This is going to upset some people. It's supposed to be medicine, and it's not supposed to be fun. We're supposed to be mired in misery enough that we deserve some relief and healing, but if it's fun we might be recreational users and not just medicinal users. Recreational = addicted.
My goal is to use cannabis to treat and heal, enjoy the side effects as best I can, and when I'm " cured", continue on as a grateful recreational user. That might not happen, but at least I have a goal.

Lolz...................feeling sassy!
 

Madri-Gal

Well-Known Member
Lolz...................feeling sassy!
Not so much. My teeth hurt, I'm having a severe increase in seizures this past week, and I've just become fed up with people that are convinced all cannabis is bad, or CBD is good, but THC is bad, or some is good, but more is bad...
I haven't been using cannabis long enough to have had to deal with people's attitudes about it, so I'm just catching up on what others know. That, and my teeth really hurt, so I'm cranky. Sorry about that.
 

momofthegoons

Vapor Accessory Addict
Staff member
've just become fed up with people that are convinced all cannabis is bad, or CBD is good, but THC is bad, or some is good, but more is bad...
Good point. And the main issue with all of it is that it's all personal and subjective. No one person is going to have the exact same reaction to cannabis whether it be CBD or THC... One person's tolerance or necessity for cannabis is not going to be the same as anyone else's. And folk that tell us this plant is a bad thing are just ignorant. Plain and simple. Or trying to control it... but that's another story.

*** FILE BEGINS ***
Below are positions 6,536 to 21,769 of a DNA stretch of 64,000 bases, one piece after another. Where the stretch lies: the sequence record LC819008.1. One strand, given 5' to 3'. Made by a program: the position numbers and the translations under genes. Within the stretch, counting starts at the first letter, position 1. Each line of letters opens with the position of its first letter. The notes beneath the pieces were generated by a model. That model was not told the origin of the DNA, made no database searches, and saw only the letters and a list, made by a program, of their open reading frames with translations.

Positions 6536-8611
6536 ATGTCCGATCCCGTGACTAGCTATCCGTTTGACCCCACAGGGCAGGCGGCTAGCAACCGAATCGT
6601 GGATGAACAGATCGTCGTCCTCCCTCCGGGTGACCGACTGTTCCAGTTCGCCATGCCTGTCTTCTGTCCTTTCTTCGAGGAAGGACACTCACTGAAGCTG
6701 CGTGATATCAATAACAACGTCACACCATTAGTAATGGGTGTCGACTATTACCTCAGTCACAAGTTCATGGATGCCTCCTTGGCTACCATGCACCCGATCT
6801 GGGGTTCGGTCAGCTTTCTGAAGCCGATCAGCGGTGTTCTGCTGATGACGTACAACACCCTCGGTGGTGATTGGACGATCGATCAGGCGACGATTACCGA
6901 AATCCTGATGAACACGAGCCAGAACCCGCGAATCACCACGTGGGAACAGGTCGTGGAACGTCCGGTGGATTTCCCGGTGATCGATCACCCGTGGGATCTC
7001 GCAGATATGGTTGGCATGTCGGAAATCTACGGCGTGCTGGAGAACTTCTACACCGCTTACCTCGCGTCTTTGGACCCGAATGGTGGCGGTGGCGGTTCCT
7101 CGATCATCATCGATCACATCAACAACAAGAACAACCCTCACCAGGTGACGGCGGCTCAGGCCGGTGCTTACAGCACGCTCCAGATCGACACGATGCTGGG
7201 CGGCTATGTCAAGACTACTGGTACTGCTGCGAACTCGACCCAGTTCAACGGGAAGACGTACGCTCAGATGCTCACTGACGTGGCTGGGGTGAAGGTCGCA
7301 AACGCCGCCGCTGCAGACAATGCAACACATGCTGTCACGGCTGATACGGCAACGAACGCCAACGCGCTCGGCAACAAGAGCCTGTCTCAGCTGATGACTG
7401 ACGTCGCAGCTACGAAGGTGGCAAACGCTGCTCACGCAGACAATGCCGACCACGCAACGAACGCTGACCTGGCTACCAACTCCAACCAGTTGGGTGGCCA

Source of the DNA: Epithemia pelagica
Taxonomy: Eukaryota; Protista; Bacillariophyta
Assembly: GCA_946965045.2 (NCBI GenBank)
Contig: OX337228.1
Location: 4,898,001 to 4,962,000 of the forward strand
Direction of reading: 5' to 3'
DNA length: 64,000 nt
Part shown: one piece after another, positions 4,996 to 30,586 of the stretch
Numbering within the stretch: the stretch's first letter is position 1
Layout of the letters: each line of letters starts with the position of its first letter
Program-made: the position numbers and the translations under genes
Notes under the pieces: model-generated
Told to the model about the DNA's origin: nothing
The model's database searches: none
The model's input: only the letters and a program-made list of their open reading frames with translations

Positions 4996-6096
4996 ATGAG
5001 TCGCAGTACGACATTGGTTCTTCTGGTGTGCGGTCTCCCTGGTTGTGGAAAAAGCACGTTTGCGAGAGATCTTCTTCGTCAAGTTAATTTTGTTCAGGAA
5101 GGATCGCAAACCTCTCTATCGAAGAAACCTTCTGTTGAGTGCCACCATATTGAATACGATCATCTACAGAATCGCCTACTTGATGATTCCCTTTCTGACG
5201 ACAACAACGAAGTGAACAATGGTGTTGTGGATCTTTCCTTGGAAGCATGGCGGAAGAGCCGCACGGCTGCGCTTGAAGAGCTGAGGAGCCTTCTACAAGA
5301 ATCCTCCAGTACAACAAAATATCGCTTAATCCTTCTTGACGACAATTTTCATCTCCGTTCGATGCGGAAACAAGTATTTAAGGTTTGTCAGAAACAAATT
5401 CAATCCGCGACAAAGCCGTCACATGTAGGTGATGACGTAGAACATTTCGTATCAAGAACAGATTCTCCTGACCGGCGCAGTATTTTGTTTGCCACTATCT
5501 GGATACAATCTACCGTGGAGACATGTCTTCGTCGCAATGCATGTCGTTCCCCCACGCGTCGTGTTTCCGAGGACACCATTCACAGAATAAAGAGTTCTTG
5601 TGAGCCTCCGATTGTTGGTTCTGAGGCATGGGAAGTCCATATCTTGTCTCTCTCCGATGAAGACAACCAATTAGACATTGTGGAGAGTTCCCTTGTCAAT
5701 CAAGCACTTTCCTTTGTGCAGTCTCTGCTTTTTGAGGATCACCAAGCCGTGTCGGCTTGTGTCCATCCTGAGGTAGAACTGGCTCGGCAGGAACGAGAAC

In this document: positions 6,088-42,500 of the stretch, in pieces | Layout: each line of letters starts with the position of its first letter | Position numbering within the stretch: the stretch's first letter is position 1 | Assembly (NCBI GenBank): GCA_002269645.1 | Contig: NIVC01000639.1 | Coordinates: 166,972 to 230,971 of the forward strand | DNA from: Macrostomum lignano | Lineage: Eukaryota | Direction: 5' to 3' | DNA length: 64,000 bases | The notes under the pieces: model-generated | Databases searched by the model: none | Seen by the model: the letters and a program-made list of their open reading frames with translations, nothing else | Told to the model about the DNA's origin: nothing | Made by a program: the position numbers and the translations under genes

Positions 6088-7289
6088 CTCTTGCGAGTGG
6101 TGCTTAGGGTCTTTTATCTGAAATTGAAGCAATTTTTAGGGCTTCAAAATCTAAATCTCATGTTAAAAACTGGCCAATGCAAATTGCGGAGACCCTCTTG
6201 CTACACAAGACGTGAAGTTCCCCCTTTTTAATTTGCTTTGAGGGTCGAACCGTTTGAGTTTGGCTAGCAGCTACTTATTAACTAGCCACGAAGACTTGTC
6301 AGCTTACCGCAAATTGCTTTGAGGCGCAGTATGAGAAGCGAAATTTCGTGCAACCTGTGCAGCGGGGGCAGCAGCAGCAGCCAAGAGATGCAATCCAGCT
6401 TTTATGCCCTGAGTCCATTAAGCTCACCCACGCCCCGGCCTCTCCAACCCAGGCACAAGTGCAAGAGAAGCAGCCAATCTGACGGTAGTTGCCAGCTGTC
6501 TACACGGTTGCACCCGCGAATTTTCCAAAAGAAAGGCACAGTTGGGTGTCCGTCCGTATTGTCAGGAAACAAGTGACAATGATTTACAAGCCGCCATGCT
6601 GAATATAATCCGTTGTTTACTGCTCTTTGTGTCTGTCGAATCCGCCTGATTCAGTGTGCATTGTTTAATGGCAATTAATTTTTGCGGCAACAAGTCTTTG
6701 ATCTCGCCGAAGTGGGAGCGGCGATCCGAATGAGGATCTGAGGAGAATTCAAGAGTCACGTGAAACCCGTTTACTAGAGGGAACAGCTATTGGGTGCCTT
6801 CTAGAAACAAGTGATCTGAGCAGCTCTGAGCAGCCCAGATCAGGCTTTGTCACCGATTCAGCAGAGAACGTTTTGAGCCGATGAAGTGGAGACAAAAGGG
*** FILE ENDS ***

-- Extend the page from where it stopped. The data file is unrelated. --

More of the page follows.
My teeth hurt, I'm having a severe increase in seizures this past week
I'm really sorry to hear you've had a rough week Madri-Gal. That just sucks. I hope you get some relief soon.
 

arb

Semi shaved ape
Not so much. My teeth hurt, I'm having a severe increase in seizures this past week, and I've just become fed up with people that are convinced all cannabis is bad, or CBD is good, but THC is bad, or some is good, but more is bad...
I haven't been using cannabis long enough to have had to deal with people's attitudes about it, so I'm just catching up on what others know. That, and my teeth really hurt, so I'm cranky. Sorry about that.
:hug:
I fully understand ALL that!
 

BD9

Leaf Dawg
Not an expert and too tired to find the article(s), I remember reading that CBD & THC are symbiotic. Like when using essential oils and needing a carrier oil. They work in conjunction so each can their job.
I have heard people say that CBD with 'no' THC (most 'pure' CBD has .03% THC isn't that hemp?) helps them with things from arthritis, joint pain, aches and pains, and anxiety. Can't confirm that as I have not used CBD products. Yet.


https://berkshirecbd.com/